The Daily Digest, 01Jan2021

Georgia COVID-19 Updates

Hello and Happy New Year! I’m sure many of us are happy to close the door on 2020 and eager for better things in 2021. I just wanted to take a moment to thank you for reading the newsletter, whether you’ve been here since the beginning or only recently. In 2020, my “student body” grew from the 60 medical students I was responsible for at Mercer University School of Medicine to >60,000.

At one point, I remember having a conversation with my medical students about the difference between the way that a medical doctor sees the world and the way that a public health professional sees the world. That’s not to say there aren’t lots of MDs in public health (and veterinarians and nurses too!). And we are very much on the same team, but addressing different parts of the problem. But whereas a medical doctor in the traditional sense is focused on the patient in front of them, for people in public health (or those who wear both hats) their “patient” is an entire community. The way we gather data and the way that we diagnose problems is different too. What both have in common, however, is that they rely on a team approach when caring for their patient. In the medical setting, that’s the physician, nurses, phlebotomists, laboratory staff, food service, supply management, orderlies and administrators. In the public health setting, it’s epidemiologists, data scientists and statisticians, contact tracers, IT staff, laboratory staff, communications staff, inspectors, analysts, public policy experts, etc. I’m probably leaving out members of each team who are tremendously important - please forgive any omissions here.

When public health works well, you often don’t ever realize that we did anything. If public health isn’t in the news, then we’ve done a good job. It’s hard to count the number of lives saved by a vaccination or the quality of life improvements due to early detection of genetic disorders through the Newborn Screening Program, or countless other public health programs. But that silent success for public health is part of what led to the failures of the American response to the COVID-19 pandemic. When politicians brag about their achievements to their constituents, investments in public health are not among the glamorous highlights. But we still need to demand them. And it can be hard for public health to advocate for itself when so many of us work for government organizations (local, state, or federal) where political advocacy is frowned upon. So, instead, we’ve seen big cuts to staffing and funding for public health over the past decade and that has meant that everything about our pandemic response has been painfully slow and ill-equipped, from testing to PPE stockpiles and procurement, to dashboard design to vaccine deployment. Infrastructure is not built overnight and neither is expertise. I don’t say any of this to offer excuses. But I wish so much that America (and Georgia) could have a do-over on this pandemic with the proper funding and staffing in place. I can’t help but wonder how different things would be if public health was able to operate with full support and optimal efficiency. I wish that the leaders in public health had been able to communicate directly with the public on a regular basis and that there had been unified messaging to limit the impact of disinformation and politicization. Instead, the responsibility of communicating the pandemic to the public has fallen to people like me and so many others in other states. This has been a team effort too, but not as coordinated as a federal response would have been. Experts from all sorts of disciplines have lent their expertise to this public effort because the stakes are so high and it is totally worth the risks of becoming a public figure even if it saves just one life in this pandemic. This uncoordinated science communication network is beautiful in its own way. But it is not the way things are meant to be done and it has cost lives to not have consistent and unified messaging that reached every state and every county in this country. I will always wish that I could have done more, covered more states, had better access to data, etc.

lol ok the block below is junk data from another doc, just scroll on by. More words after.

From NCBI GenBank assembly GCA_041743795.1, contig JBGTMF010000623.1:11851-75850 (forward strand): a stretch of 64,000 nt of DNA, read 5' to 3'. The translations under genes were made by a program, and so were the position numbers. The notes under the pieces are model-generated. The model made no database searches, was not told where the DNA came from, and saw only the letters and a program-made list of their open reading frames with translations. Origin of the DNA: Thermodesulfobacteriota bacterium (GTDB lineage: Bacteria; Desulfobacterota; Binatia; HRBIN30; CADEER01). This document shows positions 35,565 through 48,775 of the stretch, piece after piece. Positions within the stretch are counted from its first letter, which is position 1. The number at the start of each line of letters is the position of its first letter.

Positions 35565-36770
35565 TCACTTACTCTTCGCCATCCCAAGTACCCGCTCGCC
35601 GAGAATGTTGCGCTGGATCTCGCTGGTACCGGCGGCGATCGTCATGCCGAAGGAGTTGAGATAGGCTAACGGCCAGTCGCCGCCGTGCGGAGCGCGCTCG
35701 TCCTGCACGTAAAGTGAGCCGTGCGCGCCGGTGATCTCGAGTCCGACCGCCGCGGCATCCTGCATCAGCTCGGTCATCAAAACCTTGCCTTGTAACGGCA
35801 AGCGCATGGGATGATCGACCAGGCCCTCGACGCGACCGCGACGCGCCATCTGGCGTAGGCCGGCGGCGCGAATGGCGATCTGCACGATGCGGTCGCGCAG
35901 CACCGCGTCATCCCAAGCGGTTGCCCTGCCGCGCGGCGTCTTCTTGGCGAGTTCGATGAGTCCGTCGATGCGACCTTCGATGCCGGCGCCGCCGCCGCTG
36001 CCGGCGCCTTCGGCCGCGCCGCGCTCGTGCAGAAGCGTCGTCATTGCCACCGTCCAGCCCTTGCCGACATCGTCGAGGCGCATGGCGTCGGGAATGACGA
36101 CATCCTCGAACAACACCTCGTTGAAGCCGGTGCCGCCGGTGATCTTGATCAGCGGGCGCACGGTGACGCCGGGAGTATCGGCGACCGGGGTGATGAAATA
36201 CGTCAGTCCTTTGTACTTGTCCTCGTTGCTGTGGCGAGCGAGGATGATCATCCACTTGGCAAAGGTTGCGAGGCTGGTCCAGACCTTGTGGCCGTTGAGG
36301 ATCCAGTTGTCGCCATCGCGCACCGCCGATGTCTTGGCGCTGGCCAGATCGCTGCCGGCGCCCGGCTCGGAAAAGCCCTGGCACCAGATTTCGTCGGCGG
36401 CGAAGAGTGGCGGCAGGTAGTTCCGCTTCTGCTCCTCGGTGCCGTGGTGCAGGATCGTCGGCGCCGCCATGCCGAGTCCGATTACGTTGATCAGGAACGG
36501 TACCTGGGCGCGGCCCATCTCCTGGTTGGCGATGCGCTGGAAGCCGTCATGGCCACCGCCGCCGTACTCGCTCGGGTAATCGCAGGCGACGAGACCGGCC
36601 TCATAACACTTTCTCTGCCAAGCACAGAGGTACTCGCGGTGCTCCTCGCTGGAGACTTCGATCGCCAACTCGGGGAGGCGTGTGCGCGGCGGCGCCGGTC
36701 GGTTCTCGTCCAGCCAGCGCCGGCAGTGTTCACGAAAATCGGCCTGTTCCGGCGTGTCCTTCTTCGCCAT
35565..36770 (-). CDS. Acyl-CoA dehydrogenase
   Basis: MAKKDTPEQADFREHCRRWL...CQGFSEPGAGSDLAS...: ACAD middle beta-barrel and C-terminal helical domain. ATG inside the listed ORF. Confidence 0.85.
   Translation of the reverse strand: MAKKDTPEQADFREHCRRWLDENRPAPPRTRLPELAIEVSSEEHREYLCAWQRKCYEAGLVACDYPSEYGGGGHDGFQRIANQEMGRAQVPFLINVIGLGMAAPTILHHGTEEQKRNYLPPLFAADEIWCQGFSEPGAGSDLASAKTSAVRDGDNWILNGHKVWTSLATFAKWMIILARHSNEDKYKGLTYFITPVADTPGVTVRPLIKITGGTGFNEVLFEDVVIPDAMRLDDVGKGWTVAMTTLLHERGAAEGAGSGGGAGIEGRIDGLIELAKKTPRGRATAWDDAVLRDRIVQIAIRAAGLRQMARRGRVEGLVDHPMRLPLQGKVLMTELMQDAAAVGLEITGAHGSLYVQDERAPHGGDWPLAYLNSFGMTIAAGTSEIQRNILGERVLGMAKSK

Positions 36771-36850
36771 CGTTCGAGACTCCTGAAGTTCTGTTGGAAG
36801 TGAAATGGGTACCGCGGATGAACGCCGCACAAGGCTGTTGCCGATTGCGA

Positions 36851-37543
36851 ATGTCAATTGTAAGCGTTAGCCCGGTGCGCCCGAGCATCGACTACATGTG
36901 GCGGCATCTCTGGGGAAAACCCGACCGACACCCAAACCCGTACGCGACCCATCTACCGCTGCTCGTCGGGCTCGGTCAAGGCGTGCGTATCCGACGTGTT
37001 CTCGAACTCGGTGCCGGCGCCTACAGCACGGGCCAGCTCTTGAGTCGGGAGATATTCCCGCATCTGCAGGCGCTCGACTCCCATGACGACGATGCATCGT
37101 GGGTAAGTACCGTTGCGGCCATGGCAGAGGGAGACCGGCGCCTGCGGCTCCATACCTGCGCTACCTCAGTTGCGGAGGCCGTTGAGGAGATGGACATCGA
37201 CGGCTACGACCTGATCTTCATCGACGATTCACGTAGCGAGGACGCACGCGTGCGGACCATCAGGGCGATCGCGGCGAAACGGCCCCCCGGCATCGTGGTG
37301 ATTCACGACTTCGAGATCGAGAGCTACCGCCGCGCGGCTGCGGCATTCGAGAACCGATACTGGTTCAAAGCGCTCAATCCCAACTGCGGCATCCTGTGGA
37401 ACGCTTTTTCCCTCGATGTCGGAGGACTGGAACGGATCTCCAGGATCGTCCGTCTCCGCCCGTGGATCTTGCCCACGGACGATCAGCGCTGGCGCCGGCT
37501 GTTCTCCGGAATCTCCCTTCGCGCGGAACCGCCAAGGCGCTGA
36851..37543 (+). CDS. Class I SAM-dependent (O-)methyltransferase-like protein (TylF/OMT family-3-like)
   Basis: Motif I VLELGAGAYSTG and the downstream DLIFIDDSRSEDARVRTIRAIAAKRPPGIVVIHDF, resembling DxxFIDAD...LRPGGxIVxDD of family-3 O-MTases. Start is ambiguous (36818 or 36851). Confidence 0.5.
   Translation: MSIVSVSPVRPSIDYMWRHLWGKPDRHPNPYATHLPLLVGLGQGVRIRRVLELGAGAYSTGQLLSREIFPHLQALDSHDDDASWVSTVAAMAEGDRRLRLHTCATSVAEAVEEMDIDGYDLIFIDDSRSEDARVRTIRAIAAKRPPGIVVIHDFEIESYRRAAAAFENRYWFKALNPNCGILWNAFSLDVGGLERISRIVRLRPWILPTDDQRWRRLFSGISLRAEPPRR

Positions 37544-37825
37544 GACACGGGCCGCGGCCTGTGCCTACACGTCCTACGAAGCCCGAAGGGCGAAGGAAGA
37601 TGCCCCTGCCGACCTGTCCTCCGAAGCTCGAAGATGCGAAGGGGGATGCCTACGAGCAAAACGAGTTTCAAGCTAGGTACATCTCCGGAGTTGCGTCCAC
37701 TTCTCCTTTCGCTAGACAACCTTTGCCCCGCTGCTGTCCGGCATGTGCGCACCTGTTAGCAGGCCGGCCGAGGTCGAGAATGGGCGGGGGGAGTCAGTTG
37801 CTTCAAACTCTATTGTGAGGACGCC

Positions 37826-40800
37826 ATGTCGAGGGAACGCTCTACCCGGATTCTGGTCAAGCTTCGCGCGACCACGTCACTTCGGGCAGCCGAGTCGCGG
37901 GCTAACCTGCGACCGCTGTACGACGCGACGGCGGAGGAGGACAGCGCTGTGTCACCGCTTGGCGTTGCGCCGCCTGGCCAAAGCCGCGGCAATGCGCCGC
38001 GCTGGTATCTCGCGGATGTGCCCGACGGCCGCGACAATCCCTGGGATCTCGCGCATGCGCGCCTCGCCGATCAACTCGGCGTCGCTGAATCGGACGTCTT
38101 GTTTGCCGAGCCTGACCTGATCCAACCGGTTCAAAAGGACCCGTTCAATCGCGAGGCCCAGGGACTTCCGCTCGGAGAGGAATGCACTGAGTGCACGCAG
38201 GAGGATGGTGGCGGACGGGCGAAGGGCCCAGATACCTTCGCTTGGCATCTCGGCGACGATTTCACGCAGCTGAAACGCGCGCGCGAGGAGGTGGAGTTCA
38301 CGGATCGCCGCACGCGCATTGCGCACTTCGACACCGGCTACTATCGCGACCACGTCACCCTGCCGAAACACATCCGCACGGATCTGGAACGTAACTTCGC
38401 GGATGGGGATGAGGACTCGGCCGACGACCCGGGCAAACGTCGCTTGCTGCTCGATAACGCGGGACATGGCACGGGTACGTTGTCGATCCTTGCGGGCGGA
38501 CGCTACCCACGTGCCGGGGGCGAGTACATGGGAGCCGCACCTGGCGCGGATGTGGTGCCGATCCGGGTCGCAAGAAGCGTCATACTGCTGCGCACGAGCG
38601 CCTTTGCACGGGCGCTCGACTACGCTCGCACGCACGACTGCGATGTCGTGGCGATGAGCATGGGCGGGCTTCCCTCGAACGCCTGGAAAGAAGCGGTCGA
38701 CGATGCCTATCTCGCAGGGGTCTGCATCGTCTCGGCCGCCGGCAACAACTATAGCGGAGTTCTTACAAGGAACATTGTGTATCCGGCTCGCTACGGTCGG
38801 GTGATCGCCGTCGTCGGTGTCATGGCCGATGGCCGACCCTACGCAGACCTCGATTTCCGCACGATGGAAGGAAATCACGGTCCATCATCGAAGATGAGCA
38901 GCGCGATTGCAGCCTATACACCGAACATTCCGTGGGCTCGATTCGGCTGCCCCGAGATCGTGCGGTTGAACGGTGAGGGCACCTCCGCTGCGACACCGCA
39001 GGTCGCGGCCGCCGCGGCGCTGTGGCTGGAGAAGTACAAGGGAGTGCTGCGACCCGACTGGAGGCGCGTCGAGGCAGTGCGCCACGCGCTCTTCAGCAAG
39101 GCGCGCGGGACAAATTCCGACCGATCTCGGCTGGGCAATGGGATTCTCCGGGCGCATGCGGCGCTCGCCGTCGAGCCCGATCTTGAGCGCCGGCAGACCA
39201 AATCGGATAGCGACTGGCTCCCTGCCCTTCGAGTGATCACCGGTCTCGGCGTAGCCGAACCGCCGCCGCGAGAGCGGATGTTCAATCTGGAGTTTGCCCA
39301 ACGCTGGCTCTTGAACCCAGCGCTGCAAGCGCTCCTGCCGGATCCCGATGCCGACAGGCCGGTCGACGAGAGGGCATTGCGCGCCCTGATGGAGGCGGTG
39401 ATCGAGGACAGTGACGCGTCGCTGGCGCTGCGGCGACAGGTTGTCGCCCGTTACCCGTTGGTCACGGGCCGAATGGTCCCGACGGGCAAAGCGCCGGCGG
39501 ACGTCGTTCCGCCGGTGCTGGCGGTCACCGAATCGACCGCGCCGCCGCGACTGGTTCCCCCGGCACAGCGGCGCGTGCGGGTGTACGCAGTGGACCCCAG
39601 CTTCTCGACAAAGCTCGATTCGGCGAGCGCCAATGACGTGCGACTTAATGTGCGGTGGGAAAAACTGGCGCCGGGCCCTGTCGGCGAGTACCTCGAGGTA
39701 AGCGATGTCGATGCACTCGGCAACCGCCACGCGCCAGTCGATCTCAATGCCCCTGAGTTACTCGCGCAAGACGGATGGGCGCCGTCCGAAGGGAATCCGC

In a crisis, so many people want to do whatever they can to help, to pitch in. I can’t save a COVID-19 patient who is struggling to breathe. That’s not where I specialized in my education. But my medical students and nursing students will. If you are one of my former students - I am so very proud of you and the ways you are impacting or will impact your communities. I think of you every day since this pandemic began and hope that you are safe. Instead, the way I’ve been able to pitch in is to communicate the risks, teach you how to read and interpret data for yourself, and encourage you to make evidence-based decisions. So as much as my readers may think that they have gained from my work, I assure you that working to ensure that you are safe (or at least know your risks) has been some of the most important work that I have ever done. It has been the way that I have pitched in during this period in history. So thank you for this opportunity to serve my community and to make a difference.